Coverdale’s translation of the Bible from the Latin into English and Matthew’s translation of the Bible using much of Tyndale's work were each licensed for printing by Henry VIII, but neither was fully accepted by the Church.
Coverdale based the Great Bible on Tyndale's work, but removed the features objectionable to the bishops. He translated the remaining books of the Old Testament using mostly the Latin Vulgate and German translations. Coverdale's failure to translate from the original Hebrew, Aramaic, and Greek texts gave impetus to the Bishops' Bible.
The Great Bible's New Testament revision is chiefly distinguished from Tyndale's source version by the interpolation of numerous phrases and sentences found only in the Vulgate. For example, here is the Great Bible's version of Acts 23:24–25 (as given in The New Testament Octapla):
24 And delyver them beastes, that they maye sett Paul on, and brynge hym safe unto Felix the hye debyte (For he dyd feare lest happlye the Jewes shulde take hym awaye and kyll hym, and he hym selfe shulde be afterwarde blamed, as though he wolde take money,) 25 and he wrote a letter after thys maner.— Acts 23:24–25, Great Bible (The New Testament Octapla)
|The Bible in English|
The non-italicised portions are taken over from Tyndale without change, but the italicised words, which are not found in the Greek text translated by Tyndale, have been added from the Latin. (The added sentence can also be found, with minor verbal differences, in the Douai-Rheims New Testament.) These inclusions appear to have been done to make the Great Bible more palatable to conservative English churchmen, many of whom considered the Vulgate to be the only legitimate Bible.
Myles Coverdale and Richard Grafton went over to Paris and put the work into the hands of the French printer, François Regnault at the University of Paris, with the countenance of Bonner, then (Bishop Elect of Hereford and) British Ambassador at Paris. There was constant fear of the Inquisition. Coverdale packed off a large quantity of the finished work through Bonner to Cromwell, and just when this was done, the officers of the Inquisition came on the scene. Coverdale and Grafton made their escape. A large quantity of the printed sheets were sold as waste paper to a haberdasher, who resold them to Cromwell's agents, and they were, in due course, sent over to London. Cromwell bought the type and presses from Regnault and secured the services of his compositors.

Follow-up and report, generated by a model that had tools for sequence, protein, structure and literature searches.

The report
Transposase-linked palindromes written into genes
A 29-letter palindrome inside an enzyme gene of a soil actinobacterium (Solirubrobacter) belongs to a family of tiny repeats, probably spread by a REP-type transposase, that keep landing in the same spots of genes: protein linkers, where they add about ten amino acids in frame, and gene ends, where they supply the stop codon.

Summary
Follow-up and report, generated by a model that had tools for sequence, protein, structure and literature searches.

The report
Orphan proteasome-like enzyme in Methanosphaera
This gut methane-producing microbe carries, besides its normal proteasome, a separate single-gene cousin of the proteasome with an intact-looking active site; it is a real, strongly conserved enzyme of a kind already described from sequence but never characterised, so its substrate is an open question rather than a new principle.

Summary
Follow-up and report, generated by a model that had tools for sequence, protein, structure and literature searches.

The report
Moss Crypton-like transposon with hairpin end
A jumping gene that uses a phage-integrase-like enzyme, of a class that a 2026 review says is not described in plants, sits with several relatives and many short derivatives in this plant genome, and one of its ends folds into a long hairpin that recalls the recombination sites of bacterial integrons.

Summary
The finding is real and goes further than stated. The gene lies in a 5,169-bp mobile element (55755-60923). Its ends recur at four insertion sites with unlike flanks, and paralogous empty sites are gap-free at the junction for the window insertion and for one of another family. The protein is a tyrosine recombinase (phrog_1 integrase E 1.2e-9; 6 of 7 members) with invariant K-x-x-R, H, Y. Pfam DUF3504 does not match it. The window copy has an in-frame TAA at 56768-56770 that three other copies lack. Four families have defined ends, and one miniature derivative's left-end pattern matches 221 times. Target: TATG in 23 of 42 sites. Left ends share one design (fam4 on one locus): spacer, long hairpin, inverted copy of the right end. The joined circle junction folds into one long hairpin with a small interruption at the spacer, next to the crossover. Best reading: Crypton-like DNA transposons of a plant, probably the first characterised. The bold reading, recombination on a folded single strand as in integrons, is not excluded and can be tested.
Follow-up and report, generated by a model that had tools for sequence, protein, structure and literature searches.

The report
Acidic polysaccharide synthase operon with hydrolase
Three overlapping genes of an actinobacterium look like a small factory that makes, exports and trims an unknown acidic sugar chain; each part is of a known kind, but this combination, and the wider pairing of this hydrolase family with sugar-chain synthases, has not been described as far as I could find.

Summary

The first edition was a run of 2,500 copies that were begun in Paris in 1539. Much of the printing – in fact 60 percent – was done at Paris, and after some misadventures where the printed sheets were seized by the French authorities on grounds of heresy (since relations between England and France were somewhat troubled at this time), the remaining 40 percent of the publication was completed in London in April 1539.
Two luxurious editions were printed to showcase for presentation. One edition was produced for King Henry VIII and the other for Thomas Cromwell. Each was printed on parchment rather than on paper. The woodcut illustrations of these editions, moreover, were then exquisitely painted by hand to look like illuminations. Today, the copy that was owned by King Henry VIII is held by the British Library in London, England. Thomas Cromwell's edition is today held by the Old Library at St John’s College in Cambridge, England.
It went through six subsequent revisions between 1540 and 1541. The second edition of 1540 included a preface by Thomas Cranmer, Archbishop of Canterbury, recommending the reading of the scriptures. (Cranmer’s preface was also included in the front of the Bishops' Bible.)